Example 9.1.3 Find the area between $\ds f(x)= -x^2+4x$ and $\ds g(x)=x^2-6x+5$ over the interval $0\le x\le 1$; the curves are shown in figure 9.1.4. Generally we should interpret "area'' in the usual sense, as a necessarily positive quantity. Since the two curves cross, we need to compute two areas and add them. First we find the intersection point of the curves: $$\eqalign{ -x^2+4x&=x^2-6x+5\cr 0&=2x^2-10x+5\cr x&={10\pm\sqrt{100-40}\over4}={5\pm\sqrt{15}\over2}.\cr }$$ The intersection point we want is $\ds x=a=(5-\sqrt{15})/2$. Then the total area is $$\eqalign{ \int_0^a x^2-6x+5-(-x^2+4x)\,dx&+\int_a^1 -x^2+4x-(x^2-6x+5)\,dx\cr &=\int_0^a 2x^2-10x+5\,dx+\int_a^1 -2x^2+10x-5\,dx\cr &=\left.{2x^3\over3}-5x^2+5x\right|_0^a + \left.-{2x^3\over3}+5x^2-5x\right|_a^1\cr &=-{52\over3}+5\sqrt{15}, }$$ after a bit of simplification. $\square$

Example 9.1.4 Find the area between $\ds f(x)= -x^2+4x$ and $\ds g(x)=x^2-6x+5$; the curves are shown in figure 9.1.5. Here we are not given a specific interval, so it must be the case that there is a "natural'' region involved. Since the curves are both parabolas, the only reasonable interpretation is the region between the two intersection points, which we found in the previous example: $${5\pm\sqrt{15}\over2}.$$ If we let $\ds a=(5-\sqrt{15})/2$ and $\ds b=(5+\sqrt{15})/2$, the total area is $$\eqalign{ \int_a^b -x^2+4x-(x^2-6x+5)\,dx &=\int_a^b -2x^2+10x-5\,dx\cr &=\left.-{2x^3\over3}+5x^2-5x\right|_a^b\cr &=5\sqrt{15}.\cr }$$ after a bit of simplification. $\square$

## Exercises 9.1

Find the area bounded by the curves. You can use Sage to help check your work.

**Ex 9.1.1**
$\ds y=x^4-x^2$ and $\ds y=x^2$ (the part to the right of the $y$-axis)
(answer)

**Ex 9.1.2**
$\ds x=y^3$ and $\ds x=y^2$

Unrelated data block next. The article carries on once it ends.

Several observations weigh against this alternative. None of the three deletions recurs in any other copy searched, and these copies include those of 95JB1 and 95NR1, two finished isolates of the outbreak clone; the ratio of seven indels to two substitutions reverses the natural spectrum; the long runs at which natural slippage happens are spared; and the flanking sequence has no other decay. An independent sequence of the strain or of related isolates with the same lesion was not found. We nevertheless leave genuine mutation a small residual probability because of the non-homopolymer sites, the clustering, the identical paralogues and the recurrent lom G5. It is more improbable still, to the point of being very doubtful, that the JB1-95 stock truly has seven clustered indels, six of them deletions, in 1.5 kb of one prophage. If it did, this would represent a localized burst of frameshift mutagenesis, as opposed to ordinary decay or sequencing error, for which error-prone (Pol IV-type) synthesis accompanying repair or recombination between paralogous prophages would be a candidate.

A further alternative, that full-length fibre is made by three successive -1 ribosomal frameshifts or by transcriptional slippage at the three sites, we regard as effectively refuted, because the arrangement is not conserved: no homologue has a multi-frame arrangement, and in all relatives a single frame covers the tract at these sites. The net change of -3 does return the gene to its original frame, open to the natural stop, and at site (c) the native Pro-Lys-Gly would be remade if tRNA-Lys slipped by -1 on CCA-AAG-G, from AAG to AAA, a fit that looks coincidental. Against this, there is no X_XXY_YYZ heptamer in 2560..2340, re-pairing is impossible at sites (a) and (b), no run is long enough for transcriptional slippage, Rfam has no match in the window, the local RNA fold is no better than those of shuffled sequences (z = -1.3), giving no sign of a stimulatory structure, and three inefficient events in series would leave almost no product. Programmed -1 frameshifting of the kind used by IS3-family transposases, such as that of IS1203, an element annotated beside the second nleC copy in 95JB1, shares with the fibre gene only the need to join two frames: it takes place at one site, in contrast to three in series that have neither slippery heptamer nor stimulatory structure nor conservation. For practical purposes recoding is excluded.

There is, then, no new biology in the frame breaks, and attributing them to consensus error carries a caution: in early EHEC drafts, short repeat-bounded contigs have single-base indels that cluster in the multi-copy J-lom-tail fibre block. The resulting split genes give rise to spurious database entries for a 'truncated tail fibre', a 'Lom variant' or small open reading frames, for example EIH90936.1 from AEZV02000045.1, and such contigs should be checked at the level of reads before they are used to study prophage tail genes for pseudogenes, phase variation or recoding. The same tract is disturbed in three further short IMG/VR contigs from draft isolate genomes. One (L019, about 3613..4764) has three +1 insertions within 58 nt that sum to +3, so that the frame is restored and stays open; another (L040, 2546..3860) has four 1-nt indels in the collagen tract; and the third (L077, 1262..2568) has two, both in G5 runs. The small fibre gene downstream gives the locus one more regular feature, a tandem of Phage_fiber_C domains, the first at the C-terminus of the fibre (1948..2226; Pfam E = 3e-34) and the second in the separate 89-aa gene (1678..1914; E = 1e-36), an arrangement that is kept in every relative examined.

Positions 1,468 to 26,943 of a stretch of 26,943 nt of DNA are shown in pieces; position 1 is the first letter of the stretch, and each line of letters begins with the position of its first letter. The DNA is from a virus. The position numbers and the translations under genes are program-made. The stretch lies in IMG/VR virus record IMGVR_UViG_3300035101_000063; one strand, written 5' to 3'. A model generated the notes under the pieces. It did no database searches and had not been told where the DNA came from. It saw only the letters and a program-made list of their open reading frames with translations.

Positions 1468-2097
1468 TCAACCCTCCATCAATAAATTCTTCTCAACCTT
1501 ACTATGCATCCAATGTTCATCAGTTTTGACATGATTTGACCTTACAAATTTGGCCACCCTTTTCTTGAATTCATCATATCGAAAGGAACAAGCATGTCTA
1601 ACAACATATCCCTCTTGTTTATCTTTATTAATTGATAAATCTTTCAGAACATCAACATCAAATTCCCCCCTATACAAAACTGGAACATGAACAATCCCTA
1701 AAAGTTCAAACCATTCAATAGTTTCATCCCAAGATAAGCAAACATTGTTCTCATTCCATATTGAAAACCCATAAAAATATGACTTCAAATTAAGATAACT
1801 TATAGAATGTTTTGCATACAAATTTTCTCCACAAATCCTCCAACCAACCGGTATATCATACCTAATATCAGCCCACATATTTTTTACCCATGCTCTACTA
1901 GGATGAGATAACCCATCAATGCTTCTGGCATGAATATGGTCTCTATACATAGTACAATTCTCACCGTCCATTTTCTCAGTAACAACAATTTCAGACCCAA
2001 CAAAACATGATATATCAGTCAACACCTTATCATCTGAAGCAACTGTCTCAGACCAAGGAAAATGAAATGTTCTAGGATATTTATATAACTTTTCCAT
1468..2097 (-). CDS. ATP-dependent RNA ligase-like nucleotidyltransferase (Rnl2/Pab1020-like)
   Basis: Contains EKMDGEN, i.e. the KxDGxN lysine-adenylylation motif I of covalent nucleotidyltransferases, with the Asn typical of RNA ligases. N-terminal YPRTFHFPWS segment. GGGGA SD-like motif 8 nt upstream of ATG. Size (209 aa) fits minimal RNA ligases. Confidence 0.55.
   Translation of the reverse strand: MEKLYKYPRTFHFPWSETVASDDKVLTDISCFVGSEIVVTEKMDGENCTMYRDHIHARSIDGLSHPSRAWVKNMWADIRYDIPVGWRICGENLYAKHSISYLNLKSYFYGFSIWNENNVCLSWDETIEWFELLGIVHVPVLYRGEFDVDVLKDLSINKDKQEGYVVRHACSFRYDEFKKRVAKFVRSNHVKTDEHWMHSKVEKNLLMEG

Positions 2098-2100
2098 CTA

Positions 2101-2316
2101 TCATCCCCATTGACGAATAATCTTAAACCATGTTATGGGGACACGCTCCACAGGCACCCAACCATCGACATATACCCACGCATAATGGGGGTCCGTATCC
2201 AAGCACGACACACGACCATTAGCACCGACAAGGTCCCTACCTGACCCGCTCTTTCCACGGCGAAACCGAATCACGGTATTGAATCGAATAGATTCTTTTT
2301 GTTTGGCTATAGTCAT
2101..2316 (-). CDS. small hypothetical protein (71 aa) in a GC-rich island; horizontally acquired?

(answer)

**Ex 9.1.3**
$\ds x=1-y^2$ and $y=-x-1$
(answer)

**Ex 9.1.4**
$\ds x=3y-y^2$ and $x+y=3$
(answer)

**Ex 9.1.5**
$y=\cos(\pi x/2)$ and $\ds y=1- x^2$ (in the first quadrant)
(answer)

**Ex 9.1.6**
$y=\sin(\pi x/3)$ and $y=x$ (in the first quadrant)
(answer)

**Ex 9.1.7**
$\ds y=\sqrt{x}$ and $\ds y=x^2$
(answer)

**Ex 9.1.8**
$\ds y=\sqrt x$ and $\ds y=\sqrt{x+1}$, $0\le x\le 4$
(answer)

**Ex 9.1.9**
$x=0$ and $\ds x=25-y^2$
(answer)

**Ex 9.1.10**
$y=\sin x\cos x$ and $y=\sin x$, $0\le x\le \pi$
(answer)

**Ex 9.1.11**
$\ds y=x^{3/2}$ and $\ds y=x^{2/3}$
(answer)

**Ex 9.1.12**
$\ds y=x^2-2x$ and $y=x-2$
(answer)

The following three exercises expand on the geometric interpretation of the hyperbolic functions. Refer to section 4.11 and particularly to figure 4.11.2 and exercise 6 in section 4.11.

**Ex 9.1.13**
Compute $\ds \int \sqrt{x^2 -1}\,dx $ using the substitution
$u=\arccosh x$, or $x=\cosh u$;
use exercise 6
in section 4.11.

**Ex 9.1.14**
Fix $t>0$.
Sketch the region $R$ in the right half plane bounded by the curves
$y=x\tanh t$, $y=-x\tanh t$, and $\ds x^2-y^2 =1$. Note well: $t$ is fixed,
the plane is the $x$-$y$ plane.

**Ex 9.1.15**
Prove that the area of $R$ is $t$.